• The reporters observed that boxes were left overnight in the ACS warehouse parking lot, boxes were stacked high in the loading docks, and although there was a guard at the front gate, there was no evidence that the parking lot was being patrolled. They could not determine whether it was bank files left in the parking lot or some other types of documents for some other client, and ACS did not answer their question on that.
The reports include some interesting comments by Rep. Ted Poe, who believes that consumers should have a right to know. It also includes mention of the fact that our federal government has the mechanism to conduct some oversight when bank records are outsourced — if not the will, manpower, or determination:
The government does have some oversight in this area. Banks like Washington Mutual are overseen by the Federal Office of Thrift Supervision. This office has the authority to send examiners to foreign countries to inspect facilities handling personal financial information from the United States. When Local 2 asked if the office has ever inspected any specific facilities in Mexico, officials refused to answer, citing agency policy.
“It bothers me, but it doesn’t surprise me that they won’t respond to the inquiry and they won’t respond, it seems to me, because they haven’t done it,” said Poe.

Possibly Related Posts

Tuesday, January 22, 2013

Evidence Establishes the FDIC Assigned WAMU Loans to Trusts


 

 

On August 30, 2012 at 12:02 PM a "Corporate Assignment of Deed of Trust" was recorded in Recorder's Office of Los Angeles County, California as Instrument #20121302084 for Washington Mutual Bank FA Loan for which a Deed of Trust made by John Manos was recorded May 18, 2007 as Instrument # 200071214434 for a property known as 5630 Foothill Drive, Agoura Hills, CA 91301.

The said Instrument states:

Contact JPMORGAN CHASE BANK, N.A. for this instrument 780 Kansas Lane, Suite A, Monroe, LA 71203, telephone # (866) 756-8747, which is responsible for receiving payments.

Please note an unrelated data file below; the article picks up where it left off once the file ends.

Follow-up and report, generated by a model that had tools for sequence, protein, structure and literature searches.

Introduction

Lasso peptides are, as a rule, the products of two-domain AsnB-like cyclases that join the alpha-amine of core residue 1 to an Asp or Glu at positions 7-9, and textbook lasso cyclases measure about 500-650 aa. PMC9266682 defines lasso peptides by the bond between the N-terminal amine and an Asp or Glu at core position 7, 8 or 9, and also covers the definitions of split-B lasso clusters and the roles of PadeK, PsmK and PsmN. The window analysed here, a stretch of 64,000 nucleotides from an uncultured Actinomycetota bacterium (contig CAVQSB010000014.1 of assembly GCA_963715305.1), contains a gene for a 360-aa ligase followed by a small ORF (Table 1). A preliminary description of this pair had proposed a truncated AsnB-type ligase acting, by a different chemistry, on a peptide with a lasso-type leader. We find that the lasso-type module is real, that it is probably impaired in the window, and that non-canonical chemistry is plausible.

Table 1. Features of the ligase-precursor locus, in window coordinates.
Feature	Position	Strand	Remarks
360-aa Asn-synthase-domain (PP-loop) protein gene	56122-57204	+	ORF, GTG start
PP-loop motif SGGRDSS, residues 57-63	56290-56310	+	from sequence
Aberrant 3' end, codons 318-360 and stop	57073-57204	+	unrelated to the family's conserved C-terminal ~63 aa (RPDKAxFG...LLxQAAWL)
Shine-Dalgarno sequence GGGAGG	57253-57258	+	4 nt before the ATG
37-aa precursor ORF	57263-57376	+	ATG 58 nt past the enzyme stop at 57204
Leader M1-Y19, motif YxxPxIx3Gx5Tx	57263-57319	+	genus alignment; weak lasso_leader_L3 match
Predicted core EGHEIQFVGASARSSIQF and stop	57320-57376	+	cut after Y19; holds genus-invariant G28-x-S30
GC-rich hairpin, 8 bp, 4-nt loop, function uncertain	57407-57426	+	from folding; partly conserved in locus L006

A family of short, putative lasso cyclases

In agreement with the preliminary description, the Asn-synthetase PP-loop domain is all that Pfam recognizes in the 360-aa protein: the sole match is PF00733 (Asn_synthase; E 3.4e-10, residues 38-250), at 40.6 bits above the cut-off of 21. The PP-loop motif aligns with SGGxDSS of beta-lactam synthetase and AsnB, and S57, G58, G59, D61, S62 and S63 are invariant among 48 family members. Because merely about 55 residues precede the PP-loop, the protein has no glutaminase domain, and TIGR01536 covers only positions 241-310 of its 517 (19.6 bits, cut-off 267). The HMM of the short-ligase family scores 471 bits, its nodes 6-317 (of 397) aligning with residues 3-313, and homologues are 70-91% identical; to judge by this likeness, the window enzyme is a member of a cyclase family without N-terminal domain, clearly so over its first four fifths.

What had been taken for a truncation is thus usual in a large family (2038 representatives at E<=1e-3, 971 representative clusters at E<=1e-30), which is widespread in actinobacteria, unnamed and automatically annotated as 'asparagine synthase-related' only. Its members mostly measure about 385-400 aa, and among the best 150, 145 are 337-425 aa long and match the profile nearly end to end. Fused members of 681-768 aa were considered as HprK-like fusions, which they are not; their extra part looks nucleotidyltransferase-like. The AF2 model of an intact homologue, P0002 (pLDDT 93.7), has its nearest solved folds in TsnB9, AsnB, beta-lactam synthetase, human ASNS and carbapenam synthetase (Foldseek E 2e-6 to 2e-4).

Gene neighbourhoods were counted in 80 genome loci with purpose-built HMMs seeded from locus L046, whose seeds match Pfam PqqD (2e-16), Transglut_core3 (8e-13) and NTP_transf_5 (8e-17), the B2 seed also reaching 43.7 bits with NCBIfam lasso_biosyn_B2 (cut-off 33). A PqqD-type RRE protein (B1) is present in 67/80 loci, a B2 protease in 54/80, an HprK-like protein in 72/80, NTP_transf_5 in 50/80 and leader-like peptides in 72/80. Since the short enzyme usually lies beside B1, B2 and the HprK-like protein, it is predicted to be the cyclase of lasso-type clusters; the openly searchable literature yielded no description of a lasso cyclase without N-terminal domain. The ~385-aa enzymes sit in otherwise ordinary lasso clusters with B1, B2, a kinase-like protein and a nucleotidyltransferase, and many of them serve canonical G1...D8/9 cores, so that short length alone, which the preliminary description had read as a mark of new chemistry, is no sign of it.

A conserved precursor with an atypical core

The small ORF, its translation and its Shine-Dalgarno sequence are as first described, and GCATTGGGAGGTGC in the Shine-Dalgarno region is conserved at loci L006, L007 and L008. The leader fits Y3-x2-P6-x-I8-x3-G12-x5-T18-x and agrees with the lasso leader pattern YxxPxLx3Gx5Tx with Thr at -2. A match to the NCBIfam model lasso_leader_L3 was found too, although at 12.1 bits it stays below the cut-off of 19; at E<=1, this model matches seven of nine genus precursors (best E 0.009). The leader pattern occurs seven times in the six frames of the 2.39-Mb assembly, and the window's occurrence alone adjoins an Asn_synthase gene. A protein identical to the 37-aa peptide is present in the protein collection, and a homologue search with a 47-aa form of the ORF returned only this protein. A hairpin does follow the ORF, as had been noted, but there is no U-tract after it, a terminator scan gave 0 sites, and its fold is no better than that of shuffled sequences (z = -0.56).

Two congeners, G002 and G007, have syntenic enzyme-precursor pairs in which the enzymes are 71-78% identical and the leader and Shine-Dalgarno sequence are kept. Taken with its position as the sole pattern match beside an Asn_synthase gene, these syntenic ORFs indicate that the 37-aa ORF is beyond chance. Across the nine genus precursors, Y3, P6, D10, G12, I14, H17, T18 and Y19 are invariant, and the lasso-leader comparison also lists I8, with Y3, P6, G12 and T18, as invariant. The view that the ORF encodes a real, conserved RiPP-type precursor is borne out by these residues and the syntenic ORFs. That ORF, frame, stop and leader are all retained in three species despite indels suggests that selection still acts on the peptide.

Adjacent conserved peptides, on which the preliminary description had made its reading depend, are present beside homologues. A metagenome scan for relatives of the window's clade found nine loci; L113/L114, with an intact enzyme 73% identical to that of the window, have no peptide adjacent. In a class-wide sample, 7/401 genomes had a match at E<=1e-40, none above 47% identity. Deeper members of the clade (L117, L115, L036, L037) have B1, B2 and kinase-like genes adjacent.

FOR GOOD AND VALUABLE CONSIDERATION, the sufficiency of which is hereby acknowledged, the undersigned, FEDERAL DEPOSIT INSURANCE CORPORATION, AS RECEIVER OF WASHINGTON MUTUAL BANK F/K/A WASHINGTON MUTUAL BANK,FA, WHOSE ADDRESS IS 700 Kansas Lane, MC 8000, MONROE, LA, 712-3, (ASSIGNOR), by these presents does convey, grant, sell, assign, transfer and set over the described Deed of Trust without recourse,representation or warranty together with all right, title and interest secured thereby, all liens, and any rights due or to become due thereon to U.S. BANK NATIONAL ASSOCIATION AS TRUSTEE AS SUCCESSOR BY MERGER TO LASALLE BANK, NATIONAL ASSOCIATION FOR WAMU MORTGAGE PASS-THROUGH CERTIFICATES SERIES 2007-HY7 TRUST, WHOSE ADDRESS IS 700 KANSAS LANE,MC 8000, MONROE,LA 71203 (866)756-8747, ITS SUCCESSORS OR ASSIGNS, (ASSIGNEE).
This Assignment was executed on August 10, 2012 for Federal Deposit Insurance Corporation, As Receiver of Washington Mutual Bank F/K/A by JPMorgan Chase Bank, National Association, its Attorney-in-Fact Melissa J. Riley whose Power of Attorney was recorded February 24, 2011 as Doc # 20110317.  It was notarized by Helen P. Tubbs on August 10, 2012 at Parish of Ouachita,State of Louisiana.